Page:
John H. Cochrane of the University of Chicago has an excellent op/ed in today’s Wall Street Journal, “The Federal Reserve: From Central Bank to Central Planner.” [If you are blocked from the Journal, you can go to John’s site and find it there.] In it, he makes the case that the Federal Reserve under Ben Bernanke has become a central planner. I’m not sure if John knows this–I’m guessing he doesn’t–but he’s plowing ground that Jeff Hummel plowed over a year ago in his 2011 article, “Ben Bernanke versus Milton Friedman: The Federal Reserve’s Emergence as the U.S. Economy’s Central Planner.”

Herewith some excerpts from Cochrane followed by some excerpts from Jeff Hummel.


A revealing example of where we are going emerged last spring, admirably documented on the Fed’s website. Using its bank-regulation authority, the Fed declared that the banks that had robo-signed foreclosure documents were guilty of “unsafe and unsound processes and practices”–though robo-signing has nothing to do with the banks taking too much risk.

The Fed then commanded that the banks provide $25 billion in “mortgage relief,” a simple transfer from bank shareholders to mortgage borrowers–though none of these borrowers was a victim of robo-signing.

The Fed even commanded that the banks give money to “nonprofit housing counseling organizations, approved by the U.S. Department of Housing and Urban Development.” Why? Many at the Fed see mortgage write-downs as an effective tool to stimulate the economy. The Fed simply used its regulatory power to help meet that policy goal.


Both Ben S. Bernanke and Milton Friedman are economists who studied the Great Depression closely. Indeed, Bernanke admits that his intense interest in that event was inspired by reading Milton Friedman and Anna Jacobson Schwartz’s Monetary History of the United States, 1867-1960 (1963). Bernanke agrees with Friedman that what made the Great Depression truly great rather than just a garden-variety depression was the series of banking panics that began nearly a year after the stock-market crash of October 1929. And both agree that the Federal Reserve (the Fed) was the primary culprit by failing to offset, if not by initiating, that economic cataclysm within the United States (Ip 2005). As Bernanke, while still only a member of the Fed’s board of governors, said in an address at a ninetieth-birthday celebration for Friedman: “I would like to say to Milton and Anna: Regarding the Great Depression. You’re right, we did it. We’re very sorry. But thanks to you, we won’t do it again” (2002b).

This seeming similarity, however, disguises significant differences in Friedman’s and Bernanke’s approaches to financial crises, differences that have played an enormous yet rarely noticed role in the recent financial crisis. Not only have those differences resulted in another Fed failure–not quite as serious as the one during the Great Depression, to be sure, yet serious enough–but they have also resulted in a dramatic transformation of the Fed’s role in the economy. Bernanke has so expanded the Fed’s discretionary actions beyond merely controlling the money stock that it has become a gigantic, financial central planner. In short, despite Bernanke’s promise, the Fed did do it again. [emphasis his]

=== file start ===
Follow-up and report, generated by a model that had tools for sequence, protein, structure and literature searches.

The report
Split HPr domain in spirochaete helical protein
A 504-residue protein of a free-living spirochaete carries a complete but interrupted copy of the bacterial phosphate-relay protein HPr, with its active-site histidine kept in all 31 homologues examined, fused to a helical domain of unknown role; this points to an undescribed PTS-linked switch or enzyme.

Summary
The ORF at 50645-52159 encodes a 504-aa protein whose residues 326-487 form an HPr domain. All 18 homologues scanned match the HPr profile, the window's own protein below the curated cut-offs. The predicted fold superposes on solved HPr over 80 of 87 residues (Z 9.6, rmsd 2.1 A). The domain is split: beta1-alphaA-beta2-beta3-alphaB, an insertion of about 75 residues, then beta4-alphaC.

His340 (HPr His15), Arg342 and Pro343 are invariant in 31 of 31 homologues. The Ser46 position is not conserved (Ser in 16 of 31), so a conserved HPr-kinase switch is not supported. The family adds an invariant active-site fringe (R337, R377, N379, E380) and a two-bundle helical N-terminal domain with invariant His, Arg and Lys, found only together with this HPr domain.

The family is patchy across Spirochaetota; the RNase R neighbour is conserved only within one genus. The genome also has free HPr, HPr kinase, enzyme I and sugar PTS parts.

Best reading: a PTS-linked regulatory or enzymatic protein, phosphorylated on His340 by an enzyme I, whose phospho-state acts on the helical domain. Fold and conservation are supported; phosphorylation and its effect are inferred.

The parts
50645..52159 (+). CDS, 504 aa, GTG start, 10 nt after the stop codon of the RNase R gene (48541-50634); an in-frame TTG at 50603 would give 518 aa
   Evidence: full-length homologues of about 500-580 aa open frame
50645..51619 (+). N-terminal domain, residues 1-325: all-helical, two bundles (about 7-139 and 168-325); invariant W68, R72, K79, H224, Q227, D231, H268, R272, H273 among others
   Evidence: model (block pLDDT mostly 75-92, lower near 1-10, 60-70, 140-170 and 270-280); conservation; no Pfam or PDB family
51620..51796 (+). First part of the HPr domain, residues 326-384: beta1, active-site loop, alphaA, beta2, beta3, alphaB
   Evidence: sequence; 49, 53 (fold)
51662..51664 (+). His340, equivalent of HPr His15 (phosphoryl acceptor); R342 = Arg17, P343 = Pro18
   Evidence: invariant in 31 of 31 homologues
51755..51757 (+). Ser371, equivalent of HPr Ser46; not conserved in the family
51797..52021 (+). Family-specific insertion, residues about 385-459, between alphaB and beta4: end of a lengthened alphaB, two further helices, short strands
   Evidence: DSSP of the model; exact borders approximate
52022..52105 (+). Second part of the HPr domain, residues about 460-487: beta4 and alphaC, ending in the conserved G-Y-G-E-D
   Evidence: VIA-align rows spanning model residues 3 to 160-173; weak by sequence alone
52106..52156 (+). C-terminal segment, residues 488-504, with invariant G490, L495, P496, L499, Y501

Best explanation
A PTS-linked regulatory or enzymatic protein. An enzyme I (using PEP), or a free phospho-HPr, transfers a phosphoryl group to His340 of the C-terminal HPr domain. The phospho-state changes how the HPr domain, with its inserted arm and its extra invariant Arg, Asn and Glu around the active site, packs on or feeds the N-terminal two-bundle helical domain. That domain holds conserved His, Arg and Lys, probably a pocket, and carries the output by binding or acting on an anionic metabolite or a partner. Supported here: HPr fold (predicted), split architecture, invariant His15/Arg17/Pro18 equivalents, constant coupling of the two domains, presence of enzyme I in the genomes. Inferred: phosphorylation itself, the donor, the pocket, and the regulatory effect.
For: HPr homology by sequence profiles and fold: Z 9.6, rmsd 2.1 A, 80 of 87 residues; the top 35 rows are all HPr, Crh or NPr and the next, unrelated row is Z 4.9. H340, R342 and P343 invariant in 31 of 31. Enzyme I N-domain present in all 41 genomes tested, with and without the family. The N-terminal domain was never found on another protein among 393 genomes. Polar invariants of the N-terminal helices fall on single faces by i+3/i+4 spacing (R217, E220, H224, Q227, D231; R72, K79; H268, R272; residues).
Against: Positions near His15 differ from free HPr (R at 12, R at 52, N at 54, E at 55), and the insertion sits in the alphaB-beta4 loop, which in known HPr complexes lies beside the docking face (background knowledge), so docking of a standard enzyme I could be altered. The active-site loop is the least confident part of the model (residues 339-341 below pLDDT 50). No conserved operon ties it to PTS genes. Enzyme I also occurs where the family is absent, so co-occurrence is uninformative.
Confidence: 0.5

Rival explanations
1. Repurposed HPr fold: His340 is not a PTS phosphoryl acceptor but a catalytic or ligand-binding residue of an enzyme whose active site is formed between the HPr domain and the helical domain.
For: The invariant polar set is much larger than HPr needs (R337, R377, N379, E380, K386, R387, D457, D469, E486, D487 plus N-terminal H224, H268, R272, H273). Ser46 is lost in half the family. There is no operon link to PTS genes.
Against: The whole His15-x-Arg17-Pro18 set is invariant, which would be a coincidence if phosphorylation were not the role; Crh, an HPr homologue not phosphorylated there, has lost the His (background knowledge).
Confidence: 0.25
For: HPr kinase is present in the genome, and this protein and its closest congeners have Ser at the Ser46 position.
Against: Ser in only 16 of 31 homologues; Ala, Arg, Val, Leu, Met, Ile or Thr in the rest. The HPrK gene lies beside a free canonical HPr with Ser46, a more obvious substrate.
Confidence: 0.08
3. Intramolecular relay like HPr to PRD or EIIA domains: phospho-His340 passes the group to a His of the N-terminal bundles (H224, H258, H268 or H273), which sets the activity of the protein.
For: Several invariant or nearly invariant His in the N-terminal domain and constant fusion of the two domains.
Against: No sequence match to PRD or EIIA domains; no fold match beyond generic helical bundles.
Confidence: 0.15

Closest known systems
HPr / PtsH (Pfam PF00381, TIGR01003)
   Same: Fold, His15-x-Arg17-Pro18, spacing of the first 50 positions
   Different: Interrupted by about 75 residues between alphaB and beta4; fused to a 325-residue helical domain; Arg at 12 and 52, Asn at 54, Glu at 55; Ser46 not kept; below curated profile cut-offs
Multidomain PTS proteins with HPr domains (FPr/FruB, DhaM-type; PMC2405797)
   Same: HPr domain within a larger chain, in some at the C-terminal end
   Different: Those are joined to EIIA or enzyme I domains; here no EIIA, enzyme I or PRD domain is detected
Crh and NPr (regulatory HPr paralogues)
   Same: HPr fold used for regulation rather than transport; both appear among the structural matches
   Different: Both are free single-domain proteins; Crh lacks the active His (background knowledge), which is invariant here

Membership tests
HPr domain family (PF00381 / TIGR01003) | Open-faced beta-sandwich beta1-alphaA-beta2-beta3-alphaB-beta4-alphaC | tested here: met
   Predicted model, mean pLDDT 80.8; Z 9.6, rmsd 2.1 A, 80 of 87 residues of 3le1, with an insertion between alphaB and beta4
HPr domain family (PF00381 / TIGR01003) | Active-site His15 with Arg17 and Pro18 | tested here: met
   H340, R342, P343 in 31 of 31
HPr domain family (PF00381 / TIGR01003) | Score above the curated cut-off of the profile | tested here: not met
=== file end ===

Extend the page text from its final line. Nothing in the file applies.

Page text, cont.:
If you want more detail on Bernanke’s move to central planning, you’ll find it in the Hummel article.

One jarring sentence in John Cochrane’s piece is this:

The idea that central banks are centrally responsible for inflation and macroeconomic stability only dates from Milton Friedman’s work in the 1960s.

Note that Cochrane gives zero credit to Milton’s tireless co-author, Anna J. Schwartz.

Elsewhere in his piece, Cochrane writes:

But the Fed has crossed a bright line. Open-market operations do not have direct fiscal consequences, or directly allocate credit. That was the price of the Fed’s independence, allowing it to do one thing–conduct monetary policy–without short-term political pressure. But an agency that allocates credit to specific markets and institutions, or buys assets that expose taxpayers to risks, cannot stay independent of elected, and accountable, officials.

Three years ago, while Bernanke’s moves to central planning had been going on for many months, 386 economists signed a letter calling for the Federal Reserve to be independent of Congress. Many of them were colleagues of John Cochrane. I wonder how many of them did due diligence before signing. Were they even aware that the Fed had become a central planner? Hopefully, John Cochrane’s piece and the Hummel piece that backs it up will be noticed. It’s hard to advocate giving huge discretionary power to a large federal agency and at the same time advocate not being able to monitor it, let alone control it.